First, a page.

by Peg Kehret
This 2016-2017 Oregon Battle of the Books selection tells the true story of Peg Kehret, who at age 12 contracted three different kinds of polio. Surviving the initial paralysis brought on by the illness, Peg then had to learn how to walk again. This is a story of strength and courage in the face of an uncertain future.
In September 1949, Peg collapses at her school in Minnesota. She goes home with a high fever, and around midnight, she starts to vomit. Her parents take her to the hospital where she is diagnosed with three different kinds of polio.
She spends a little time at Sheltering Arms before she is transferred to University Hospital because she needs a respirator. Peg is placed under an oxygen tent to help her breathe a little easier. After a few days, she is allowed to move out of isolation but all of the things in her room are burned because they may contain the virus. Her new room has a roommate named Tommy who is put into an iron lung. Peg reads to him when she’s feeling better, and they listen to The Lone Ranger.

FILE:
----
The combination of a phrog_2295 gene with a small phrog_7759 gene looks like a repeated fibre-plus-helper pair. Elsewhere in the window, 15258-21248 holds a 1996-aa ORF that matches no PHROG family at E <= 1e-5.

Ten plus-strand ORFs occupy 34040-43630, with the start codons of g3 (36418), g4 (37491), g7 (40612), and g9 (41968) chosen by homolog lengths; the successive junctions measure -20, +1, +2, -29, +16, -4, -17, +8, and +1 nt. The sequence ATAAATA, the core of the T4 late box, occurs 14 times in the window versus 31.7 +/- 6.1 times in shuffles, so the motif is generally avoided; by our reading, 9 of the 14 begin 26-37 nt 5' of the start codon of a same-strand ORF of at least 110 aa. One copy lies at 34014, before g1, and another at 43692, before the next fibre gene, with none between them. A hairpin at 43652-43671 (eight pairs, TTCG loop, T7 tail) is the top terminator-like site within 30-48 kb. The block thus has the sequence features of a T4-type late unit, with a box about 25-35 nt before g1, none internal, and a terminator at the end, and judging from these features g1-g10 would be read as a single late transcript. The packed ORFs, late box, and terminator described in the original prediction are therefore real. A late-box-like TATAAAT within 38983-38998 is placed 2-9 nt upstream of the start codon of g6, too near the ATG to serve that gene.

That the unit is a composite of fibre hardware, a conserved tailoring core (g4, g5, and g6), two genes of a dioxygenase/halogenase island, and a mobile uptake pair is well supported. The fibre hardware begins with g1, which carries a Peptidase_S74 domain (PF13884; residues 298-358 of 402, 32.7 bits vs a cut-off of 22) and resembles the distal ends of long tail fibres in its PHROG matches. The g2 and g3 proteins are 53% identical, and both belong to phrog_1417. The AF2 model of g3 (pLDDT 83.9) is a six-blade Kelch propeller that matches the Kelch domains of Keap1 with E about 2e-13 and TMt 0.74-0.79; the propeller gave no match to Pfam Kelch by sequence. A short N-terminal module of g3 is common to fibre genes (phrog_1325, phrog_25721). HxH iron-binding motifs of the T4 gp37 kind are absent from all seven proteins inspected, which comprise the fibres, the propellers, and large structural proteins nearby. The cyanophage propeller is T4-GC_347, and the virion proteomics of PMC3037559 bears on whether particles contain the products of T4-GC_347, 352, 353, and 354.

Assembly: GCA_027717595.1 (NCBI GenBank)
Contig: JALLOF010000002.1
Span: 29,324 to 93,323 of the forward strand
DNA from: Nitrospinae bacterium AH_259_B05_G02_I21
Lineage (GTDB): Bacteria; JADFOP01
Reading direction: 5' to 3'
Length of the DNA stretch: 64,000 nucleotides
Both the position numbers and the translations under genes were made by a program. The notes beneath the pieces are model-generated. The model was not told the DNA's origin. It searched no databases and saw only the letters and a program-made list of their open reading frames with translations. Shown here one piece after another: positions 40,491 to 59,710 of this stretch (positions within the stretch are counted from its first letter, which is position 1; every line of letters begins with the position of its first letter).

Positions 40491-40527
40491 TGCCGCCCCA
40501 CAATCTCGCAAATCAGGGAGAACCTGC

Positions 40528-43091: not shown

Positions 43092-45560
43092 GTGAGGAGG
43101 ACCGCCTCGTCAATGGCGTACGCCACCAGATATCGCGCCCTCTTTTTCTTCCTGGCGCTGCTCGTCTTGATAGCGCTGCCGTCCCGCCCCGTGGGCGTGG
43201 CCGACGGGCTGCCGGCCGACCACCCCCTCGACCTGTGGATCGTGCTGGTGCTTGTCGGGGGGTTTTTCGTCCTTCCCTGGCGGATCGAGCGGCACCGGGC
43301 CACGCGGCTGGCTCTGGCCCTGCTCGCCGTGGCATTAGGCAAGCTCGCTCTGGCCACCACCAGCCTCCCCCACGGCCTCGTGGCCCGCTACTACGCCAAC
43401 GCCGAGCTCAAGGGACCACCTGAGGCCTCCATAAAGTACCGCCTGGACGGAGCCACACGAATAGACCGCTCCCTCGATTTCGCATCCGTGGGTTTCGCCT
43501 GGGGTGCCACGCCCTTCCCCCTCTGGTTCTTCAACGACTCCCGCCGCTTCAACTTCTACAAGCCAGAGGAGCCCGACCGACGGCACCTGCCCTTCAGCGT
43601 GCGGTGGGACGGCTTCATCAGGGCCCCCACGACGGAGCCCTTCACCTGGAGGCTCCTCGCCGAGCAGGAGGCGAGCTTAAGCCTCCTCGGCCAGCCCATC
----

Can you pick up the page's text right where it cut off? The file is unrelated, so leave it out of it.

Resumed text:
After she starts to recover, she is moved back to the Sheltering Arms hospital where she rooms with four other girls who have polio, Dorothy, Shirley, Alice and Renee. This story documents her nine months in the hospital and her continuing road to recovery.
Learn more by visiting Peg Kehret’s website: www.pegkehret.com
In 1952 there were 21,000 cases of paralytic polio in the US. It was one of the most feared diseases of the 20th century. Today, there are none. The United States has been polio free for more than 30 years, but the disease is still occurring in other parts of the world. It would only take one traveler with polio from another country to bring polio back to the United States. Learn more about Polio.